According to Cohn, the Rollins and Kaplan courts “interpreted section (A) as a gatekeeper of section (C),” finding that Section (C) “only describes how a plan under section (A) can be maintained.”
“The problem with this interpretation is that section (C) uses the word 'includes' not 'subject to,' ” Cohn found. Given this, “a church plan may include a plan that meets the requirements of section (C),” Cohn said.
Cohn's conclusion was at odds with the conclusion reached by Judge Thelton E. Henderson in the Rollins case. In that ruling, Henderson found that “notwithstanding section C, which permits a valid church plan to be maintained by some church-affiliated organizations, Section A still requires that a church establish a church plan.”
Judge Michael A. Shipp followed Henderson's statutory analysis in his ruling in the Kaplan case.
Cohn also disagreed with the Rollins and Kaplan courts' treatment of the legislative history surrounding the church plan exemption.
All three judges noted that the contested Section 3(33)(C) had been added to ERISA by Congress in 1980. However, the judges reached different conclusions with respect to that factor.
In Cohn's view, the 1980 amendment “broadened the exemption to include organizations that were affiliated with churches, such as hospitals or schools.” Such amendment “moved beyond just permitting a church to establish a church plan,” Cohn found.
In contrast, Judge Henderson emphasized that, when amending ERISA to add Section (C), Congress also chose to retain the language of Section (A).
“To completely ignore the language of section A--language that Congress actively retained--violates the principle to give effect to every clause and word and the related principle 'not to interpret a provision in a manner that renders other provisions of the same statute inconsistent, meaningless or superfluous,' ” Henderson said in the Rollins decision.
The issue of administrative deference also divided Cohn from Rollins and Kaplan courts.
Specifically, Cohn found that certain private letter rulings from the Internal Revenue Service about the plans' ERISA-exempt status were entitled to judicial deference.
That was “particularly so” because the rulings in question were “consistent with the text of the statute,” Cohn found.
The Rollins court reached the opposite conclusion, finding that the PLRs at issue in that case “do not analyze the statute closely or evaluate how its language applies” to the defendant plan sponsor.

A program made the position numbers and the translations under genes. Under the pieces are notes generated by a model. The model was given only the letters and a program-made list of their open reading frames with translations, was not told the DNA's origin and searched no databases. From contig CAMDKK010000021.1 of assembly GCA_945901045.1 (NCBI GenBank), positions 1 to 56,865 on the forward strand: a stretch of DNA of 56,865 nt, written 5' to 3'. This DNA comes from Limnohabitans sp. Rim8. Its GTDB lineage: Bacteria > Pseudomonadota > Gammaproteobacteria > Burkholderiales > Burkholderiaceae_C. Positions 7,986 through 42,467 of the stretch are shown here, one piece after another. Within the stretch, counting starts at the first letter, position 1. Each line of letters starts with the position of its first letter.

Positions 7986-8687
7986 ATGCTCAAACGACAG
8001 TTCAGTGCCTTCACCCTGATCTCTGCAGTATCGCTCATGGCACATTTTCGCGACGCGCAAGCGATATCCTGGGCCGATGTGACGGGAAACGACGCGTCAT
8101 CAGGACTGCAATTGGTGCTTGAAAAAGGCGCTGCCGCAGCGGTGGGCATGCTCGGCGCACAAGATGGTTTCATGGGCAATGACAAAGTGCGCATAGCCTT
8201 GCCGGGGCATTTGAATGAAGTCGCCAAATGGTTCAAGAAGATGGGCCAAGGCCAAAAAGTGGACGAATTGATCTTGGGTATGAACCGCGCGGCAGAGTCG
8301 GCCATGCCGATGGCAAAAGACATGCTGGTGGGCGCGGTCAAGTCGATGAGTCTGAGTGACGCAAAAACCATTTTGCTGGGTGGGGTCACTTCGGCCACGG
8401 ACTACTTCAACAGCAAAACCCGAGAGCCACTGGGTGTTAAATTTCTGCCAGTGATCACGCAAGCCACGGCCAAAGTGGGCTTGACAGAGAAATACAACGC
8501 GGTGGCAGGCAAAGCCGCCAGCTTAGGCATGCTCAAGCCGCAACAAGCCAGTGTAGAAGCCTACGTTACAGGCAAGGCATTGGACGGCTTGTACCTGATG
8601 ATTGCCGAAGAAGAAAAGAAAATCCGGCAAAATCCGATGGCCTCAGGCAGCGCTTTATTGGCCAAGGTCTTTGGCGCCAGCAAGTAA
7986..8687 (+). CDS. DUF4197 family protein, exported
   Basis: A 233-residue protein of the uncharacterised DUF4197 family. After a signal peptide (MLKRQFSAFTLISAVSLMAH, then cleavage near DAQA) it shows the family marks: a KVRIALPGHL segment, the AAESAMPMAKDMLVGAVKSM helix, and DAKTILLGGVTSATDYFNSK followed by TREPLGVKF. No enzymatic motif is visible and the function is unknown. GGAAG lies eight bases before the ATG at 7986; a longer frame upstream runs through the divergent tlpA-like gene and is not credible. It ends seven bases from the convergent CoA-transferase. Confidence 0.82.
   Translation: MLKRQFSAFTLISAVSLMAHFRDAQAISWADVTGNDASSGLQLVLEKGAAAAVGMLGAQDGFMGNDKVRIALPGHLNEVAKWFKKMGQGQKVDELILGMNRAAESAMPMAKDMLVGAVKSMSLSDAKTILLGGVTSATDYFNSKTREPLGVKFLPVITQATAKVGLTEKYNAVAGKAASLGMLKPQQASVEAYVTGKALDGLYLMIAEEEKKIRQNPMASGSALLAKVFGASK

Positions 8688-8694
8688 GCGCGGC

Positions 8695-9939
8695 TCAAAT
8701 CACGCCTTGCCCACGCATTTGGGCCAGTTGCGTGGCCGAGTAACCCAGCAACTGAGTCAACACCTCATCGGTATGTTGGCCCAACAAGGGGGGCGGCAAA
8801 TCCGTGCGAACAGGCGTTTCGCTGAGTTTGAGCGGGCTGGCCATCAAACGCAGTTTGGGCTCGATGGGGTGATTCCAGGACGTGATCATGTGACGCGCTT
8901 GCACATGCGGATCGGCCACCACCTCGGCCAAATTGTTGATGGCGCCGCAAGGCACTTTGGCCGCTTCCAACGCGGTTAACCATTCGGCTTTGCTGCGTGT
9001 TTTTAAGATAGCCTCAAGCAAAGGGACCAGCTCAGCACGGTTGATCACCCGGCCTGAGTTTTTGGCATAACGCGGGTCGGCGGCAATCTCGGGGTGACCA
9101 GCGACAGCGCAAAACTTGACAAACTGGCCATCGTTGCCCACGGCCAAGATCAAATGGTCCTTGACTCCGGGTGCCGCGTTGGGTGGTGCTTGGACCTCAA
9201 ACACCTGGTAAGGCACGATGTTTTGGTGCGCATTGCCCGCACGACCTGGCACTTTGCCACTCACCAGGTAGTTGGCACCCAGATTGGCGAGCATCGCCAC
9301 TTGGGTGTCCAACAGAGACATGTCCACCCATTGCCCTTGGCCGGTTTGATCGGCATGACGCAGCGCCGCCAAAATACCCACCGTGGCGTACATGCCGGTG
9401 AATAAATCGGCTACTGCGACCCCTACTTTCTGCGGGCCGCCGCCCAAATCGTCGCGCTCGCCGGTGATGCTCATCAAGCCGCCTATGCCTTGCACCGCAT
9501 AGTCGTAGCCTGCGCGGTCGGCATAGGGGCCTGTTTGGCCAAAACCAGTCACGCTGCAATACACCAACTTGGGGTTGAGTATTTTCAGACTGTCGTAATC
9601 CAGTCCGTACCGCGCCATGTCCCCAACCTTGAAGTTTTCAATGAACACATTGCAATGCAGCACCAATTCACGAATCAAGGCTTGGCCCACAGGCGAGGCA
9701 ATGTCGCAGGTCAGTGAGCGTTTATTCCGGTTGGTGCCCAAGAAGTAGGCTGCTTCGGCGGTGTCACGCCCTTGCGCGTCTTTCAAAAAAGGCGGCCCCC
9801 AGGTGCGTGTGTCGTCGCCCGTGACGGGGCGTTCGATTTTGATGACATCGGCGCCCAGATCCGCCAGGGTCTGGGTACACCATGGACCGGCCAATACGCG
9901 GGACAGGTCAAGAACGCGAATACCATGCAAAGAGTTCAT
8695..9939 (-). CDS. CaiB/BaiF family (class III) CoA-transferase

Turning to the facts of the instant case, Cohn found that both of the pension plans at issue qualified as ERISA-exempt church plans.
On that point, Cohn explained that Ascension Health Ministries was controlled by the Roman Catholic Church, because it was an organization created by the church's canon law as a “Public Juridic Person.”
Further, five Catholic Religious Orders appoint the members of Ascension Health Ministries, and those members have “religious obligations imposed by the canonical statutes,” Cohn said.
Moreover, this control by the church flowed to other Ascension entities, including Ascension Health Alliance, Ascension Health and St. John Health, Cohn said.
In so ruling, Cohn rejected the participants' argument that the Ascension defendants' alleged violations of Roman Catholic doctrine--which included hiring non-Catholics and performing contraceptive sterilization procedures--compelled the conclusion that Ascension wasn't controlled by the church.
“Even assuming these allegations are true, this argument regarding religious orthodoxy is prohibited by the Constitution,” Cohn concluded.
In addition to dismissing the participants' ERISA-based claims, Cohn also found that they lacked standing to assert their constitutional claims, because they hadn't suffered sufficient injury.
On that point, Cohn said that the complaint contained “no specific allegations” that the participants “would have a better funded pension if the Court were to strike down the church plan exemption provisions of ERISA, or the exemption as applied to Ascension.”
The participants were represented by Havila C. Unrein, Laurie B. Ashton, Matthew M. Gerend, Ron Kilgard and Lynn L. Sarko of Keller Rohrback LLP, Seattle; Karen L. Handorf and Monya M. Bunch of Cohen Milstein Sellers & Toll PLLC, Washington; and Stephen F. Wasinger of Stephen F. Wasinger PLC, Royal Oak, Mich.
Ascension was represented by Brian M. Schwartz and Michael P. Coakley of Miller Canfield PLC, Detroit, and Howard Shapiro, Robert Rachal and Stacey C.S. Cerrone of Proskauer Rose LLP, New Orleans.